Dr. David Schoenfeld heard a fierce gun fight and explosions outside his Watertown home and, expecting massive casualties, bolted out the door and to work at Beth Israel Deaconess Medical Center. Less than 10 minutes after he arrived in the emergency department, he saw the results of that battle:
At 1:20 a.m., emergency medical personnel wheeled in marathon bombing suspect Tamerlan Tsarnaev, unconscious, handcuffed, and in cardiac arrest. He was surrounded by more than a dozen police officers.
Emergency crews were performing CPR on Tsarnaev, who had massive injuries, including burns on his right shoulder and chest and a gaping wound on his torso. They had already removed his tattered clothing.
Hospital trauma teams, who had been alerted that he was on his way, were already in protective gowns and gloves. There were about 20 patients already in a different part of the emergency department.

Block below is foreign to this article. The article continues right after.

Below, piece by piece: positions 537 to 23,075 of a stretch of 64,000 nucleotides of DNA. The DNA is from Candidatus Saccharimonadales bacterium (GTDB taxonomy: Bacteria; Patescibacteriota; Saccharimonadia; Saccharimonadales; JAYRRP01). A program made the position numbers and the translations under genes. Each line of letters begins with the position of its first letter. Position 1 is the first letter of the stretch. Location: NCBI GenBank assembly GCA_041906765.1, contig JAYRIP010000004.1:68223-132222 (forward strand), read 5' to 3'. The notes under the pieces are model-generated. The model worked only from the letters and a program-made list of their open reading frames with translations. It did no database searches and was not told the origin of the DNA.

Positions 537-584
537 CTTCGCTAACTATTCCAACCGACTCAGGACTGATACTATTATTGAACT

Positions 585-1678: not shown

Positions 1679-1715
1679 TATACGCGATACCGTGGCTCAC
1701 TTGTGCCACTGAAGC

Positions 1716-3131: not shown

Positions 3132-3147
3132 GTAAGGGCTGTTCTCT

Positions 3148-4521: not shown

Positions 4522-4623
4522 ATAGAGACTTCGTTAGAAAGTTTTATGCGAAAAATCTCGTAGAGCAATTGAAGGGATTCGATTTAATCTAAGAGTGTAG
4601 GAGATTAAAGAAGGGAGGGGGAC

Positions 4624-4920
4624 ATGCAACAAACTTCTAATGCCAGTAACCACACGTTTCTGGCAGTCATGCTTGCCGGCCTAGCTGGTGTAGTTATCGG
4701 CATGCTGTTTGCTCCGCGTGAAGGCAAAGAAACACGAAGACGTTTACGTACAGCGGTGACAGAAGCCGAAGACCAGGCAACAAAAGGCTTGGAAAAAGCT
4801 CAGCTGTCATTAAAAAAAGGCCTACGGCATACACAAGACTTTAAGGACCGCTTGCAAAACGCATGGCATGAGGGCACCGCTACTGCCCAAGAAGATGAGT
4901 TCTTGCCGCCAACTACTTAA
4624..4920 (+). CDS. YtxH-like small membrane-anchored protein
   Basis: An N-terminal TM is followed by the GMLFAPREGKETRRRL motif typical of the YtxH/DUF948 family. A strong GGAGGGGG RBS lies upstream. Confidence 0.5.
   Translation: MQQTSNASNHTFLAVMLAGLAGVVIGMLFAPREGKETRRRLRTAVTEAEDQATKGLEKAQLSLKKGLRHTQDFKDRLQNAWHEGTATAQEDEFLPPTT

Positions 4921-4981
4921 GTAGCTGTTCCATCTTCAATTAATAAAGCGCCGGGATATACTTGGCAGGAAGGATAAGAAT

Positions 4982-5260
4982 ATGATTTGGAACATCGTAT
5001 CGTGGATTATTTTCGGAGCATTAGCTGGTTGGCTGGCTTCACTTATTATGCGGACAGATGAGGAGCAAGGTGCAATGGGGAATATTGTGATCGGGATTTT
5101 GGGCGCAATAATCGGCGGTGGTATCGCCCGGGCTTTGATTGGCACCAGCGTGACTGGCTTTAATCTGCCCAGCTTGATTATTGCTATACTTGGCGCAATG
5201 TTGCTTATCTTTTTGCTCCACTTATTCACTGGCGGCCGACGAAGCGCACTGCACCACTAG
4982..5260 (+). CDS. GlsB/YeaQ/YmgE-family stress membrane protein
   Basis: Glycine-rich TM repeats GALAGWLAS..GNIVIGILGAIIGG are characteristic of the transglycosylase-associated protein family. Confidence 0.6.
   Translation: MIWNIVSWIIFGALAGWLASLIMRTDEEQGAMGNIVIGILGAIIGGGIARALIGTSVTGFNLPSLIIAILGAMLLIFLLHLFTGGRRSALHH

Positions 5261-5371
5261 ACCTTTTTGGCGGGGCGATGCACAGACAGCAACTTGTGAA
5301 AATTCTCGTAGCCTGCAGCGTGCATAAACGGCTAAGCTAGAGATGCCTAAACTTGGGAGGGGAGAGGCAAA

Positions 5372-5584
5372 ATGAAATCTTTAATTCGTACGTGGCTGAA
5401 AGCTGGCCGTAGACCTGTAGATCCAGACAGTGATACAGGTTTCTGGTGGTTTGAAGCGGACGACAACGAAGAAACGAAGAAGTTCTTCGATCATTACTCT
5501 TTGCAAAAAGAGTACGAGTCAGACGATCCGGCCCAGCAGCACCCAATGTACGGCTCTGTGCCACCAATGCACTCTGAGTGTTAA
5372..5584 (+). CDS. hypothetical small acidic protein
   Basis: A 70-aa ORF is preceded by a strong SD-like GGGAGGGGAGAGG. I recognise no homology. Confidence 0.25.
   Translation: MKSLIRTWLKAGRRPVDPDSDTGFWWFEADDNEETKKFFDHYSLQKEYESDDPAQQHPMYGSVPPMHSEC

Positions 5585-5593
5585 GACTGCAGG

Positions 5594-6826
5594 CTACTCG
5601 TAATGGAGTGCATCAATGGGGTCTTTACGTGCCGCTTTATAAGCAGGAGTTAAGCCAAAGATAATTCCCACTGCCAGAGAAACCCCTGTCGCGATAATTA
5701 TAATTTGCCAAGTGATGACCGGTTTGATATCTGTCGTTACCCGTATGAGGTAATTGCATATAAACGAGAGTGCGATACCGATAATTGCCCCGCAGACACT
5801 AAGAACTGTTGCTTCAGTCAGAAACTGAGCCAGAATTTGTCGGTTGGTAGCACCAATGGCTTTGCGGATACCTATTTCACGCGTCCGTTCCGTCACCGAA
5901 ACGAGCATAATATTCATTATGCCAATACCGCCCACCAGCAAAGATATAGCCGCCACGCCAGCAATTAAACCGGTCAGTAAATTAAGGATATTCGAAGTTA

Schoenfeld said caregivers swung into action, placing a breathing tube in Tsarnaev’s throat and tubes in his chest to release pressure from his lungs. Schoenfeld brought in a tray with instruments to cut open his chest to see if his heart was damaged. But, with massive blood loss from his wounds, Tsarvaev could not be saved, emergency department physicians said.
Schoenfeld said doctors and nurses treated the patient like any other, even as they were aware “this was not a normal night for trauma.’’
“It’s really about the relationship you have with the patient,’’ said Dr. Richard Wolfe, head of the hospital’s emergency department. “You have to put their interest first during that period. It doesn’t matter if it’s a perpetrator or the president.’’
Tsarnaev was declared dead at 1:35 a.m.
Medical staff ripped off their gloves and gowns and turned the room over to law enforcement, Schoenfeld said. They returned to treating other patients, including a half-dozen with chest pains, one with a wrist fracture, and two who were suicidal, Wolfe said.Liz Kowalczyk can be reached at firstname.lastname@example.org.